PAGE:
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In Myanmar, Army Uproots Ethnic Karen Villagers

In this photo released by the Free Burma Rangers, ethnic Karen women sit with family members in the jungles of northern Karen State where they are sheltering from an ongoing local offensive by the Myanmar army, on Jan. 27. (Free Burma Rangers via AP)
In Myanmar, Army Uproots Ethnic Karen Villagers
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In the forests of southeastern Myanmar, aid workers say the army was shooting and arresting people long before last month’s military overthrow.

These largely unseen activities continue. In the country’s rural southeast, the army has forced as many as 8,000 ethnic Karen people to flee their homes. International aid groups say it is the worst problem there in nearly 10 years.

The Karen are now living in the jungle. Many are worried about their health and security. There does not appear to be a way for them to return to their villages.

The crisis in this area has been forgotten since the government campaign against those protesting the overthrow that removed the government of Aung San Suu Kyi.

The crisis is a reminder of the force Myanmar’s army has long used against civilians, especially the country’s ethnic minorities.

The Karen National Union (KNU) is the leading political organization for the Karen people. It works to meet the needs of the displaced by providing food, security and housing.

But Padoh Saw Taw Nee said they cannot do it forever. He is the head of the KNU’s international department. He answered questions from reporters by email. “The international community should reach out with humanitarian assistance to these people who are in need as soon as possible,” he said.

The Karen are among more than 12 ethnic groups in Myanmar that have been asking for greater independence from the central government. Myanmar, earlier known as Burma, became independent from Britain in 1948.

At times, some of the ethnic groups have had armed conflict with the government; in recent years, many have reached an uneasy ceasefire. They were in talks with Suu Kyi’s government, but failed to reach an agreement before she was removed by the army.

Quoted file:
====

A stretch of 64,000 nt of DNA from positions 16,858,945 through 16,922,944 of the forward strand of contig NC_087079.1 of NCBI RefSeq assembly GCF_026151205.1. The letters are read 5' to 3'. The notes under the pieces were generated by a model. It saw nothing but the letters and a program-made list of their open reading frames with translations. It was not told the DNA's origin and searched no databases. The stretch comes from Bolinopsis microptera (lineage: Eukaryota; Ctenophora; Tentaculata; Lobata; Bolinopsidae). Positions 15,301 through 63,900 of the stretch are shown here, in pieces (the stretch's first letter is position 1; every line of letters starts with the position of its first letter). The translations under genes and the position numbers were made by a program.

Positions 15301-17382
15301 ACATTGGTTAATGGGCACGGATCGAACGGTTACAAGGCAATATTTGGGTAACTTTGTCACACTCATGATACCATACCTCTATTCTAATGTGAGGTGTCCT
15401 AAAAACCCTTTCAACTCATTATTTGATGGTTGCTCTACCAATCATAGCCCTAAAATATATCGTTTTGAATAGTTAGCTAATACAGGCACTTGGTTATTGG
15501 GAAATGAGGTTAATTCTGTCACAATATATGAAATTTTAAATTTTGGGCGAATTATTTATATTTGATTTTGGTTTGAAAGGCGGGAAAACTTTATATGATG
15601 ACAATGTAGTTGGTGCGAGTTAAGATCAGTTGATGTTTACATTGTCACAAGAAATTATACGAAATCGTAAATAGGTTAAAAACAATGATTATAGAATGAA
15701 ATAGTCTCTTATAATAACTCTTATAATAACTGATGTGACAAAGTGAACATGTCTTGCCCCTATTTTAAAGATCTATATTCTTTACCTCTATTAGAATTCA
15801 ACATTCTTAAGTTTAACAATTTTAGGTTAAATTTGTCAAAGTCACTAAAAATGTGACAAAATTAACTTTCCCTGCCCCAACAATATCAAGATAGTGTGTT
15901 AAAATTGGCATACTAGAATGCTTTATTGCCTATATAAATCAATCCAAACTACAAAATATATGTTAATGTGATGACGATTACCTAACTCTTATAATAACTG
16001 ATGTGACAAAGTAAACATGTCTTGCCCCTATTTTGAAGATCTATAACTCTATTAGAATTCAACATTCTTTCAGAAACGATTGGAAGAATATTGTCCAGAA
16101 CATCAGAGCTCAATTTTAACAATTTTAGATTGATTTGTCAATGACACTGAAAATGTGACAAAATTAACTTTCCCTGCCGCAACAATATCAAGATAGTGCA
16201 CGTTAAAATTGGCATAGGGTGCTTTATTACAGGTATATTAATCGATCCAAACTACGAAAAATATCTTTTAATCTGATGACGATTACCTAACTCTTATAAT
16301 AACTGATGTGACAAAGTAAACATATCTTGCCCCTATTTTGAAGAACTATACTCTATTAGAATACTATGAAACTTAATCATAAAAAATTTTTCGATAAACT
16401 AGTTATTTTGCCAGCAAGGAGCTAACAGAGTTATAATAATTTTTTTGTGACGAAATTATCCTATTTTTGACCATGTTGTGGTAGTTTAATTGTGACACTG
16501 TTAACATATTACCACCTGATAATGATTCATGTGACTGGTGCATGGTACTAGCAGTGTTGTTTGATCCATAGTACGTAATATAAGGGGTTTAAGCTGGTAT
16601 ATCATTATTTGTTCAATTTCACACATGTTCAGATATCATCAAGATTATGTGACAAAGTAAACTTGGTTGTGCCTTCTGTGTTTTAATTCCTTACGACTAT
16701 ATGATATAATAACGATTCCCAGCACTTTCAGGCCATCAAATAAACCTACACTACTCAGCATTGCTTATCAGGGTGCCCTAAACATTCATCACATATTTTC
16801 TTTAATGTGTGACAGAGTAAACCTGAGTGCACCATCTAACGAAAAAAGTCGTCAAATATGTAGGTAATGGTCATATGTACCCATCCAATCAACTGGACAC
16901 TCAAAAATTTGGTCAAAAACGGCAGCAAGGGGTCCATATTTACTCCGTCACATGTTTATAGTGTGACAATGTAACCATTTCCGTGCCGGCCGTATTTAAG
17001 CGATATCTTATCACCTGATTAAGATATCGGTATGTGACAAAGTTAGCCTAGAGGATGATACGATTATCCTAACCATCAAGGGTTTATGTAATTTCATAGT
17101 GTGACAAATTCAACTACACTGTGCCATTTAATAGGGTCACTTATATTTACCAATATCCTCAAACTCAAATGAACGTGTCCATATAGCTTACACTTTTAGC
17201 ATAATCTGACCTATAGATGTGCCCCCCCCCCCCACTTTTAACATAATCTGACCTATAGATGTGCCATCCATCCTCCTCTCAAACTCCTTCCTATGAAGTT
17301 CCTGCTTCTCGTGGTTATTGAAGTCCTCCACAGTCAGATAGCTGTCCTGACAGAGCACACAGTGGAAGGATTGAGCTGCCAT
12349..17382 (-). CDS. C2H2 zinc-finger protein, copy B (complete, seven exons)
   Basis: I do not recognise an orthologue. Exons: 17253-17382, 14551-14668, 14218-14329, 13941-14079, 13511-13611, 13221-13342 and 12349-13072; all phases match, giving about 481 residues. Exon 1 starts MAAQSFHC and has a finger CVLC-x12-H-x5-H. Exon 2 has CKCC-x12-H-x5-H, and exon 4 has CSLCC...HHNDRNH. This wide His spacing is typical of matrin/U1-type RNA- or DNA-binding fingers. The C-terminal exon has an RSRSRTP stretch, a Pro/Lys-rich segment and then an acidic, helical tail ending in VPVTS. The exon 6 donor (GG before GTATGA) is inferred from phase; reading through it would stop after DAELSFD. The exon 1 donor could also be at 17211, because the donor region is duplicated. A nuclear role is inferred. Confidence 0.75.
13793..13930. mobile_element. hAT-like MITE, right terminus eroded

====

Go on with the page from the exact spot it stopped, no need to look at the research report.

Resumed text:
The army has aggressively expanded its influence in at least two parts of Karen state since 2017. It has built new bases and roads to control the area. Aid organizations there say army activity and the number of soldiers have increased recently.

The Karen have their own armed force, the Karen National Liberation Army. It has fought against the government, causing government troops to bomb local villages.

Aid agencies say the 8,000 people who fled to the jungle are safe. They are trying to build shelters and open schools.

The Free Burma Rangers is a humanitarian group that has been bringing in aid since the attacks began. Its founder and director, Dave Eubank, is a former member of U.S. Special Forces. He organizes medical aid and food for villagers. He spoke to the Associated Press (AP) by telephone.

He said that stopping attacks by Myanmar’s troops provides “security and survival.” They are most important. But the Karen also need food, medical aid and shelter, he added.

In 2012, the Karen National Union signed a ceasefire with the government, but the government has ignored it.

Burma expert David Mathieson told the AP that the Karen have always understood that the army is a threat.

“When you live in these areas of ongoing armed conflict you know exactly who you are dealing with and you know that you can’t trust them,” he said.

“This is the military trying to subjugate the entire country once again,” he added.

I’m Susan Shand.

The Associated Press reported this story. Susan Shand adapted it for Learning English. Mario Ritter, Jr. was the editor.


Words in This Story

jungle – n. a thick forest in areas near the Equator of the Earth

subjugate – v. to defeat and gain control of someone or something through the use of force

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